The 59Th BFI London Film Festival Announces Full 2015 Programme
You can peruse the programme at your leisure here.
The programme for the 59th BFI London Film Festival in partnership launched today, with Festival Director Clare Stewart presenting this year’s rich and diverse selection of films and events. BFI London Film Festival is Britain’s leading film event and one of the world’s oldest film festivals. It introduces the finest new British and international films to an expanding London and UK-wide audience. The Festival provides an essential platform for films seeking global success; and promotes the careers of British and international filmmakers through its industry and awards programmes. With this year’s industry programme stronger than ever, offering international filmmakers and leaders a programme of insightful events covering every area of the film industry Lff positions London as the world’s leading creative city.
The Festival will screen a »
Summer 2015 had a lot to offer, a lot to lose sleep over, and a lot to learn from. It gave us hope that the next summer could be even better, and that Hollywood blockbusters still have some life in them yet. Before back to school this month, here are nine lessons we took away from this summer at the movies.
Lesson #1: Mad Max: Fury Road reset the bar for action movies – Zach Dennis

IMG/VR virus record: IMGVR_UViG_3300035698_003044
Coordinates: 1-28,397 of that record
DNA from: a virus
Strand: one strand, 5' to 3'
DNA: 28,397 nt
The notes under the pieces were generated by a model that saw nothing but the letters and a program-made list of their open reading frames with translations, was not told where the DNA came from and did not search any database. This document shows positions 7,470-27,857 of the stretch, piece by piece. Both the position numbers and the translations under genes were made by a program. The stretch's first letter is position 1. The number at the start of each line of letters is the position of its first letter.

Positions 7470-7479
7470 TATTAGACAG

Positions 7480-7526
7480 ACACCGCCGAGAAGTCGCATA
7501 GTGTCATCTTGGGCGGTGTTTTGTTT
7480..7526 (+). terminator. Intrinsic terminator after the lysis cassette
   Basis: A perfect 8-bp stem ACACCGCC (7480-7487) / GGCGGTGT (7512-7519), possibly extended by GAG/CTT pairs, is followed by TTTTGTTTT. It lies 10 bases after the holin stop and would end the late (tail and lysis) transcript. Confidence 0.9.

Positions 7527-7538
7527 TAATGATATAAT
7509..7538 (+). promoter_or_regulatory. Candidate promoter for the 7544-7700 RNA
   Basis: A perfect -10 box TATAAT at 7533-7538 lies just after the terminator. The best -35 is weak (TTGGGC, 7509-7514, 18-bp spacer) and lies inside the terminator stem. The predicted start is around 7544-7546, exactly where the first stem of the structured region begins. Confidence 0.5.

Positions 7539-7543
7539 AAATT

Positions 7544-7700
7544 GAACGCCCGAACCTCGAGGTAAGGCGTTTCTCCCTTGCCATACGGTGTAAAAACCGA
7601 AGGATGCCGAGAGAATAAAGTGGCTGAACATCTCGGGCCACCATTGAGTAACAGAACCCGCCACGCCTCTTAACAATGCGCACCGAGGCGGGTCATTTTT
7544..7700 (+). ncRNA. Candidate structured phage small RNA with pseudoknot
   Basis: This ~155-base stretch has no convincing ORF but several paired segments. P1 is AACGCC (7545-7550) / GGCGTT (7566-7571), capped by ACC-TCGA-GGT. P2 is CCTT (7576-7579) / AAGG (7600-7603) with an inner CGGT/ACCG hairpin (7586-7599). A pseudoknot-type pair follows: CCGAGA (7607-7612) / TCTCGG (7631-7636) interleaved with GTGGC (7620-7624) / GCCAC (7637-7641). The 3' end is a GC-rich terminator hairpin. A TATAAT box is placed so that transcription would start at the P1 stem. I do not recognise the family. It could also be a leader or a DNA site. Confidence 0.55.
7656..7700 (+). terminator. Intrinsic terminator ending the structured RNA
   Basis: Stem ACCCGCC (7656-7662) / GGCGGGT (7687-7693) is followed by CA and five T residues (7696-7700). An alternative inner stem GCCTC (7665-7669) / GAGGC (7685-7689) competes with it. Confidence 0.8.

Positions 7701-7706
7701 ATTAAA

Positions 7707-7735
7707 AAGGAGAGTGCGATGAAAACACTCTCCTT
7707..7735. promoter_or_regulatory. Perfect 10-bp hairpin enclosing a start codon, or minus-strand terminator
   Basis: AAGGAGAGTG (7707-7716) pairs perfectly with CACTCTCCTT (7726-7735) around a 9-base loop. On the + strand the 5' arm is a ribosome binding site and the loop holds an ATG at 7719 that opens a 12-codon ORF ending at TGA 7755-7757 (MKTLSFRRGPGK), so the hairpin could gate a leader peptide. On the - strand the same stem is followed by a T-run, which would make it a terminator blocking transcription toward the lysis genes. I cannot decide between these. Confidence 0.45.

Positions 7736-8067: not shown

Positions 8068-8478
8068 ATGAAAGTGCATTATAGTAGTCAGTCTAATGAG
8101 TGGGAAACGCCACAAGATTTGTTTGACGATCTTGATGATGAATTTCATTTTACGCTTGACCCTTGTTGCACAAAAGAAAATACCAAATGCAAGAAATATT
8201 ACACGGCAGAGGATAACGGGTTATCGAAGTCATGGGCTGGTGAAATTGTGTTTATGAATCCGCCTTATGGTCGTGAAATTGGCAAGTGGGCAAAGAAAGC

In a summer overrun by dinosaurs and emotive minds, the real kings of the season busted through the Australian apocalypse on top of supercharged cars with a chrome-infused vengeance. In a summer where nostalgia boomed, a new film that will influence the future was born — and it was born on the Fury Road.
Good movies are invigorating, and nothing awoke everyone’s passion like Mad Max: Fury Road did. It wasn’t just classic fun tied »
When Jesse Eisenberg was announced as Lex Luthor in Batman Vs Superman: Dawn Of Justice, it made instant sense. Not because he was bald, not because he looks like or Gene Hackman or anything, but just because he’s one of those actors whose screen presence is so perfectly formed. You know exactly what they’re going for with their Luthor, just by Eisenberg’s name. It’s Mark Zuckerberg vs Superman, the supergod vs the awkward genius.